Get Down to Brass Tacks (Origin)
What Is the Origin of the Saying "Get Down to Brass Tacks"?The term "get down to brass tacks" means to focus only on the basic facts.
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- English Proverbs and Idioms Test
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Examples of Use:
- It's a long report, but when you get down to the brass tacks, it's a simple concept.
- I've heard your mitigation, but let's get down to the brass tacks: you can't use that word to describe a work colleague.
- We only have this room for another 15 minutes, so we need to get down to the brass tacks quickly.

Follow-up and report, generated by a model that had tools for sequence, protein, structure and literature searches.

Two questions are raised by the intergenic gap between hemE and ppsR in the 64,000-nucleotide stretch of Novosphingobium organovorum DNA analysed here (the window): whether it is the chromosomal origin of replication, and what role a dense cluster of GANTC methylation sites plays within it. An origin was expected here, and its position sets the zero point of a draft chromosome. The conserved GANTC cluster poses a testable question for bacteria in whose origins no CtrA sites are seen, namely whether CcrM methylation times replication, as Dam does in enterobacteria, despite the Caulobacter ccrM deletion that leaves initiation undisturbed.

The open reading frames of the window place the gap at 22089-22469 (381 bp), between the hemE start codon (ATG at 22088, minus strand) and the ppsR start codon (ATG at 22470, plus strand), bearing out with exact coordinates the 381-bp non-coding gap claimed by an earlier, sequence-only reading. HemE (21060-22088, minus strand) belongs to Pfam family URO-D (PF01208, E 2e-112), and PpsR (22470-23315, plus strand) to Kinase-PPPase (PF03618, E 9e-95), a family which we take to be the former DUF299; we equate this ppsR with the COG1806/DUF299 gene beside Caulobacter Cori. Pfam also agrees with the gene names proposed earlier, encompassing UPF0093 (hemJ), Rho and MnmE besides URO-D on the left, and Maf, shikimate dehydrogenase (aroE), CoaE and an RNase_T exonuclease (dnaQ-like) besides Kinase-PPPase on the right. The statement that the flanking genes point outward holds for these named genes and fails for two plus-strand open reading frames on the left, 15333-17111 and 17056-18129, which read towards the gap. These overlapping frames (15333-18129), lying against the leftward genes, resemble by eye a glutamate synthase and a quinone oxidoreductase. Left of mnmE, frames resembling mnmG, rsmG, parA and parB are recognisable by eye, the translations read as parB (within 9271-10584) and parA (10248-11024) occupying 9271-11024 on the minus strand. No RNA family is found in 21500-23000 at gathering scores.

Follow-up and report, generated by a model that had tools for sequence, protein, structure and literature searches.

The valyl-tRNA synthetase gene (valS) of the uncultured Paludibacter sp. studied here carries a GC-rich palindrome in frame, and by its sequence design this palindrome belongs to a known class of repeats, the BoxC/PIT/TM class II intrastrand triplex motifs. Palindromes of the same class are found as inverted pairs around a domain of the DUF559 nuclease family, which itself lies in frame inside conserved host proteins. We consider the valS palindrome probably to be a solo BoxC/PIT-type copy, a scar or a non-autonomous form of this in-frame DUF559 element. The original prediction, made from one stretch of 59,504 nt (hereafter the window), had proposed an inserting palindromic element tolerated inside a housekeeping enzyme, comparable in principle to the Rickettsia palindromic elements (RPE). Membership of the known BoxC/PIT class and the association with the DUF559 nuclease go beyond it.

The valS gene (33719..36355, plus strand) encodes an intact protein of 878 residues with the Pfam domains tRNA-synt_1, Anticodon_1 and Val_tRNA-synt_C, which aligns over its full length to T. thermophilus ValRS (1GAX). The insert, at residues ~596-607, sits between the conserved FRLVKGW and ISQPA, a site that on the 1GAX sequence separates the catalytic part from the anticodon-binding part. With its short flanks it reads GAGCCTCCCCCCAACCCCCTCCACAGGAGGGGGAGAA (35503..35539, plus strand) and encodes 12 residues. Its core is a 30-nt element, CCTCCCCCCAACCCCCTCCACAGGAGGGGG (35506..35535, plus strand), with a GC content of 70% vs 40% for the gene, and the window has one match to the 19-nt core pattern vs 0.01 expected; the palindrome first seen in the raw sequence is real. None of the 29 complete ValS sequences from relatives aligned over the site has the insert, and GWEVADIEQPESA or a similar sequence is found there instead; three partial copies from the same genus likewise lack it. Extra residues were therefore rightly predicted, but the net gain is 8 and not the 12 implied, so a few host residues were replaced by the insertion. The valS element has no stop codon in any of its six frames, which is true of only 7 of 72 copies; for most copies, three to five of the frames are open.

- Do not get down to the brass tacks of the deal too soon. The sheik will be offended if you don't spend some time talking about family.
Competing Theory"Get down to the brass tacks" comes from the haberdashery trade, where, for centuries, brass tacks have been nailed along the counter to help with measuring the length of cloth accurately. When measuring cloth, a measurement down to a brass tack would be accurate as opposed to guessed. It is a short mind leap from this notion to the idea of dealing with the actual facts and, subsequently, just the key facts.
Competing TheoryIn the saying "get down to brass tacks," the term "brass tacks" is Cockney Rhyming Slang for "the facts." (Cockney Rhyming Slang was invented by the London criminal fraternity to prevent eavesdropping from the police or informers. Other examples are "apples and pears (stairs)" and "trouble and strife (wife)."
Detractors of this theory highlight that only the first word is said when speaking Cockney Rhyming Slang. For example:
- I went up the apples and bumped into his trouble. (This means "I went up the stairs and bumped into his wife.")